As somewhat alluded to earlier, one of the most important problems in the setting of epicardial ablation is the presence of fat, which can significantly reduce the efficacy of the RF energy. Unfortunately, anatomic locations of epicardial fat sometimes coincide with desired targets for ablation. The presence of epicardial fat interposed between an ablation catheter and underlying epicardium may result in ineffective delivery of RF energy and inadequate lesion formation,26,27 with prior animal studies showing that RF energy delivery can be attenuated by even a few millimeters of epicardial fat.15 Epicardial fat is most prominent at the base and in perivascular regions, but a recent study characterizing epicardial fat by CT in a series of patients revealed that epicardial fat often can extend to areas well beyond these segments with average thicknesses of several millimeters.28

Epicardial fat of more than 5 mm in thickness can mimic scar, though electrograms of real scar tend to be longer in duration with more fractionation and late potentials, while those for epicardial fat tend to have higher impedance values. Thick epicardial fat (> 5 mm) can also decrease electrogram amplitude and prevent ventricular pacing capture at high outputs.29 Epicardial fat is increased in patients with coronary artery disease and positively correlates with the staging of cardiomyopathy.30

Epicardial coronary vessels

Epicardial ablation can be unsuccessful due to the presence of adjacent coronary arteries to the desired ablation target. The current guidelines recommend a distance of 5 mm to be maintained between the ablation catheter and coronary arteries in order to avoid injury to the vessel.10 In a study of more than 300 ablation procedures, epicardial ablation was aborted in 13% of cases due to proximity to the coronary arteries during RF ablation.31 In this particular study, it was found that epicardial ablation was deemed unfeasible for many cases in which the origin of the ventricular arrhythmia was at the LV summit region, mainly due to coronary artery proximity. Previous studies have similarly noted difficulty when ablating along both the anterior wall of the LV and the LV summit region due to the close proximity of coronary arteries.32,33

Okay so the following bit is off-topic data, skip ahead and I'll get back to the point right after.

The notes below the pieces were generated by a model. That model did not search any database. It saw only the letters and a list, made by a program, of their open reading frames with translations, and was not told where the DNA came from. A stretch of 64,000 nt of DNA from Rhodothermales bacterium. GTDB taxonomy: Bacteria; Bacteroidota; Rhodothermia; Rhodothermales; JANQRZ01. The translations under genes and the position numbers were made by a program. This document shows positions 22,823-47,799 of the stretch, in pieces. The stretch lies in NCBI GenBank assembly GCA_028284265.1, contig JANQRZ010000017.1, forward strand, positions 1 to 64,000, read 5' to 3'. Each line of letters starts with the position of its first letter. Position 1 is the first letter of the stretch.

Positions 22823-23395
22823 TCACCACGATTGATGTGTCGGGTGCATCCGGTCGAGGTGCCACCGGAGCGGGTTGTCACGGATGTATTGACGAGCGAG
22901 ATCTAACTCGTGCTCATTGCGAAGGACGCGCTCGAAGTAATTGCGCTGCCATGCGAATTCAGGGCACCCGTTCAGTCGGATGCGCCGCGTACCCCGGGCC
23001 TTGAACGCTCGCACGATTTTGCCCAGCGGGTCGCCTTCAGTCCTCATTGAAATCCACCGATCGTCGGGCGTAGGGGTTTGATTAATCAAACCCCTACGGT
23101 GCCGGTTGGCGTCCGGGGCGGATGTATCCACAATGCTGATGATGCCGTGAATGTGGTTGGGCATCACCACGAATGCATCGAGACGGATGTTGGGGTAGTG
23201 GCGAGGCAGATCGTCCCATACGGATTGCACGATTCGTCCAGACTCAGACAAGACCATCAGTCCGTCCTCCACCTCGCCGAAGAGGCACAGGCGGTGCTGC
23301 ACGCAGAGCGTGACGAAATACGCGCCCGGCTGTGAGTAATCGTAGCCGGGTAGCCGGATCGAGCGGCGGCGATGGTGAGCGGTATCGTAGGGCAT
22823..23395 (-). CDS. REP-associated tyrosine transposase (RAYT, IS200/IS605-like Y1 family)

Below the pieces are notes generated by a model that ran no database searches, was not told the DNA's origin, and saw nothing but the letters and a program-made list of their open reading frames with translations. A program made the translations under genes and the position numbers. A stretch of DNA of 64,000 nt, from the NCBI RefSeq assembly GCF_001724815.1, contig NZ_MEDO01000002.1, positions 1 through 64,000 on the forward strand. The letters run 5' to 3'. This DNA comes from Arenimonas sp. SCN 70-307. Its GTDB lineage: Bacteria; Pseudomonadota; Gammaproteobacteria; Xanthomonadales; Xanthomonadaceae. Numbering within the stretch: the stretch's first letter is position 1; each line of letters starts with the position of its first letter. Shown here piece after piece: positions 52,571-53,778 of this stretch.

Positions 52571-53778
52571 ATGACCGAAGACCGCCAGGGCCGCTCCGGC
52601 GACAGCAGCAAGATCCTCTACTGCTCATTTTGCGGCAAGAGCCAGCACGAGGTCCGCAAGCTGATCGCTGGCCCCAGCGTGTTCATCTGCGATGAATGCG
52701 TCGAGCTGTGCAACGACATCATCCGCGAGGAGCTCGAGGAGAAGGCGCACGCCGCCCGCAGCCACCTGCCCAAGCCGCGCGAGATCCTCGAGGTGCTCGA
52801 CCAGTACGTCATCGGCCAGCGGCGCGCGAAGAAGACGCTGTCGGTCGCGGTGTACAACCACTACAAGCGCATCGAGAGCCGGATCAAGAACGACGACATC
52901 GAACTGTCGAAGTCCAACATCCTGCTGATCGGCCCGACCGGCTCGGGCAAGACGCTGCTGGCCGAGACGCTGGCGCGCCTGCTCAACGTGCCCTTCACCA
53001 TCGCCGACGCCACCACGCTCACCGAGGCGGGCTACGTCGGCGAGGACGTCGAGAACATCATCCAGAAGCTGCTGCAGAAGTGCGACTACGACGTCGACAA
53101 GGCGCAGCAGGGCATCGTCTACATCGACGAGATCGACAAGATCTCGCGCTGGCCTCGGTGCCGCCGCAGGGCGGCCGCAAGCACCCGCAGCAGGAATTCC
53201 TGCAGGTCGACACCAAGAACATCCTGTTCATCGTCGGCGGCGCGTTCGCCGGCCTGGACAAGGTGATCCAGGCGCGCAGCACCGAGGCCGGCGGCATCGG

Modulators of energy source

Irrigation of the catheter tip leads to cooling of the catheter tip–tissue interface, thereby allowing for greater power delivery. Catheter irrigation has been standardly achieved with normal saline irrigation. However, the ionic concentration and lower impedance of normal saline can divert RF energy away, thus decreasing our ability to create an effective lesion. Decreasing the ionic concentration of the irrigant by using a fluid such as half-normal saline can increase the surrounding impedance and thus decrease the loss of RF to the surrounding environment, allowing for greater RF delivery (Figure 1B).25,34 With regard to environmental impedance, this may be of greater importance in the epicardium, given the presence of intrapericardial fluid and epicardial fat.

Bipolar ablation has been used previously to ablate deep myocardial VTs.35,36 When the arrhythmogenic focus involves nonseptal myocardium, epicardial access may be necessary to allow for the establishment of a bipolar circuit from the endocardium to epicardium, thereby sandwiching the focus (Figure 3).


In the last two decades, breakthroughs in technology with the advent of CF and other alternative energy sources have allowed us to perform more successful epicardial ablation procedures. Understanding barriers to successful ablation (e.g., the thickness of epicardial fat) will help us deliver even more effective ablation lesions to the tissue while minimizing potential complications. A full understanding of how each of these factors plays a role in lesion formation is essential for successful epicardial ablation.